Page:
Ugh. I am so. freaking. sick. of shortcut culture in business. Even when we’re not desperately trying to click away from brotastic bullshitters, we still fall victim to endless content and ideas focused on short-term gains. We want Ultimate Guides to tell us everything we need to know, end of discussion, end of learning. (That’s what “ultimate” means, after all: "being or happening at the end of a process; final.") We create internal playbooks specifically so we can run them again and again. We seek out lists of tips-and-tricks from Yet Another Expert Interview Podcast, and we fall all over ourselves when someone claims to know EXACTLY what to say to a prospect, what to do with the algorithm, or what to buy to make the numbers climb rapidly, today.
Ahhhhh yes ... there it is.
So, why did that well-meaning list of inspirational marketing examples grate on me? Because it applauded something I call Random Acts of Creativity.
When we approach our work with a short-term focus or we actively seek shortcuts to juice the numbers, creativity becomes one-off. Like a stunt double, we call upon it to emerge from some trailer in the back parking lot of our brains, and we treat it like a stand-in for the real work. But consistently successful teams infuse creativity in everything they do. It's not a stand-in for the real work. IT IS THE REAL WORK. As the legend John Cleese often says, creativity is not a talent. It's a way of operating.
The business world is full of examples of Random Acts of Creativity replacing creativity-as-process: articles applauding one-off projects, awards for campaigns and viral pieces, and persistent requests to "jump in a room" to brainstorm THE idea ... just to name a few.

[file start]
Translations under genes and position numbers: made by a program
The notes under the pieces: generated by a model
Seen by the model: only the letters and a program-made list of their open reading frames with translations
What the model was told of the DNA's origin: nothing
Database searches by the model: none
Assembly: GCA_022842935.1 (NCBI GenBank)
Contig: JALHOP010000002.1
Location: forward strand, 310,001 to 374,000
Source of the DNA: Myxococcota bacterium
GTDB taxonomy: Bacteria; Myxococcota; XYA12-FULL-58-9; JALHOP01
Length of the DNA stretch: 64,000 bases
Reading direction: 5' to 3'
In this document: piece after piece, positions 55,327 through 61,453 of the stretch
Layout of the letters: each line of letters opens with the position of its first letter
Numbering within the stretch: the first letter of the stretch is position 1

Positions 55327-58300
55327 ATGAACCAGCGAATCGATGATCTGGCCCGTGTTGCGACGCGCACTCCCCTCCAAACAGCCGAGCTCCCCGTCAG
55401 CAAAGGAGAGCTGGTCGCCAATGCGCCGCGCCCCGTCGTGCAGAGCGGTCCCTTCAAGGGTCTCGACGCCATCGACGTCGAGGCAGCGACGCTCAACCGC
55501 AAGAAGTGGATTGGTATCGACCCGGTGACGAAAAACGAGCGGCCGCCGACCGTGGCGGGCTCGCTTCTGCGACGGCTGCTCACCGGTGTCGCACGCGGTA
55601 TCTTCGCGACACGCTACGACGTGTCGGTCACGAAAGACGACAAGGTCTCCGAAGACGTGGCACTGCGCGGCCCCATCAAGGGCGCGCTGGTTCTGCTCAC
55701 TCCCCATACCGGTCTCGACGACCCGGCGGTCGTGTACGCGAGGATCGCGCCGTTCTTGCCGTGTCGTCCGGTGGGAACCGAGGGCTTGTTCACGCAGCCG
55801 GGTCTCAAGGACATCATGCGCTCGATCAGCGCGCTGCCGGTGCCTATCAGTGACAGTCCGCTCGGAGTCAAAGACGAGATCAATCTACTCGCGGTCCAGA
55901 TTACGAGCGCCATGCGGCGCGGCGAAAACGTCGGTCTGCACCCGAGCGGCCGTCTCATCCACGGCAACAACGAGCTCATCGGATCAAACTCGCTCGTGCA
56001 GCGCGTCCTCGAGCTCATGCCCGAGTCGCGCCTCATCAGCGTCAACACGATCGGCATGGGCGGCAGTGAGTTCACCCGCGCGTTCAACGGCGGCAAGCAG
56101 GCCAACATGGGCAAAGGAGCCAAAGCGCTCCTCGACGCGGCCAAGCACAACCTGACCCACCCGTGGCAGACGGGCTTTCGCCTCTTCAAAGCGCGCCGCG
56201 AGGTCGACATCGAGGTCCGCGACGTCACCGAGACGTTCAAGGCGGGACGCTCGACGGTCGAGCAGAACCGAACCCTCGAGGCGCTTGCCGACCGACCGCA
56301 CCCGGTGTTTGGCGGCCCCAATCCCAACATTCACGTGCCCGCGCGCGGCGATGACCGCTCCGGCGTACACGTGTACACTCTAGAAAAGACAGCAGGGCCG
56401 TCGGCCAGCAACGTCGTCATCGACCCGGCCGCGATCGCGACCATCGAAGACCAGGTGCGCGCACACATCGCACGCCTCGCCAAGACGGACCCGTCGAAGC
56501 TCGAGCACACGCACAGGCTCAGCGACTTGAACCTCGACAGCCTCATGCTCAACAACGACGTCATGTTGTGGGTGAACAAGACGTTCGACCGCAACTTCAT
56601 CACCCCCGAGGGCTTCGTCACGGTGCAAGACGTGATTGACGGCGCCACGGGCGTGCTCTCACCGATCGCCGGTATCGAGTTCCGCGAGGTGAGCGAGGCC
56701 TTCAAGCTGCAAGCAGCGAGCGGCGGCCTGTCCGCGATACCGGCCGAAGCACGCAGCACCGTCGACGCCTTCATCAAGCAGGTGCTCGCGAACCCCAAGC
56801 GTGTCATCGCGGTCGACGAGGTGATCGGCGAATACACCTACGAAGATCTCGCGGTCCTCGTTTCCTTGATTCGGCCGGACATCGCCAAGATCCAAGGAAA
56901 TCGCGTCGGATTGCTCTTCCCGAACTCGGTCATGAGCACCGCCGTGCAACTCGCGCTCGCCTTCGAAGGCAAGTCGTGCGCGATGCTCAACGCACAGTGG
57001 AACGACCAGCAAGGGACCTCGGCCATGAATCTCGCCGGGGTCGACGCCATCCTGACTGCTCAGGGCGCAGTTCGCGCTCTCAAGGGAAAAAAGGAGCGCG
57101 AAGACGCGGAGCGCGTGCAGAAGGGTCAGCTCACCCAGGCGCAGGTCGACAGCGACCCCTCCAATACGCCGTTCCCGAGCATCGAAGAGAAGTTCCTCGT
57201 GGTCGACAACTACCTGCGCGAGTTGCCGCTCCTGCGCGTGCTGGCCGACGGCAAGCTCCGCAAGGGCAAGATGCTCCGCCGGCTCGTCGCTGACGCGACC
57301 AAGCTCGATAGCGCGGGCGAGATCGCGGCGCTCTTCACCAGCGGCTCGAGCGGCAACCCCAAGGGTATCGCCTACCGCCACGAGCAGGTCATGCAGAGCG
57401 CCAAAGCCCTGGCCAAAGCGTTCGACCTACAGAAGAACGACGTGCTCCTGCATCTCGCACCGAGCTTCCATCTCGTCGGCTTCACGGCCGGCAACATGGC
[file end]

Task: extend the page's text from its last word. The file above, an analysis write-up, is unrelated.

If we're going to create unassailable work -- original, resonant, always exceeding ever-higher expectations in others -- than we can't rely on Random Acts of Creativity. What if we stopped seeking them out entirely, and started emphasizing consistency instead? What if we created things made to STICK, instead of spike?
In the end, building exceptional companies and careers unfolds over the long arc of time. Zoom in and you'll find a rather zig-zaggy approach. Some things work and some things don't, all to a varying degree. What matters isn't the next spike. What matters is the slope of the whole damn line.
We all want to create unassailable work. That is our shared goal. To achieve that, we know we need to be creative, to produce work that resonates emotionally with both us as the creators and the audience as the recipients. In our quest to do so, we face a choice: Fall victim to the popular dialogue around creativity, or prioritize consistency. I say, it's time to ditch the stunts...
So what can we put in its place? Consistent creativity, sure. But how does that work? What's our solution to shortcut culture, the substitute that we feel better serves our shared goal?
Well, to figure out the cure, we have to diagnose the illness, and if I'm being honest, I don't think we've done that quiet yet. While shortcut culture and the Random Acts they prompt are obvious targets of our ire, I don't believe they're the root problem. The root problem, I think, is the core reason why RACs are ineffective in the first place. After all, none of this would matter if you could indeed use a single stunt to create a special career or company.
No, to find and diagnose the true illness here, and to build back up something new from first principles, we have to dig deeper. Why is shortcut culture ineffective? What happens when we rely on Random Acts of Creativity that hurts our cause rather than helps it?
I'll share my theory next week.
Only one thing is certain in our shared journey so far: We're putting shortcut culture where it belongs...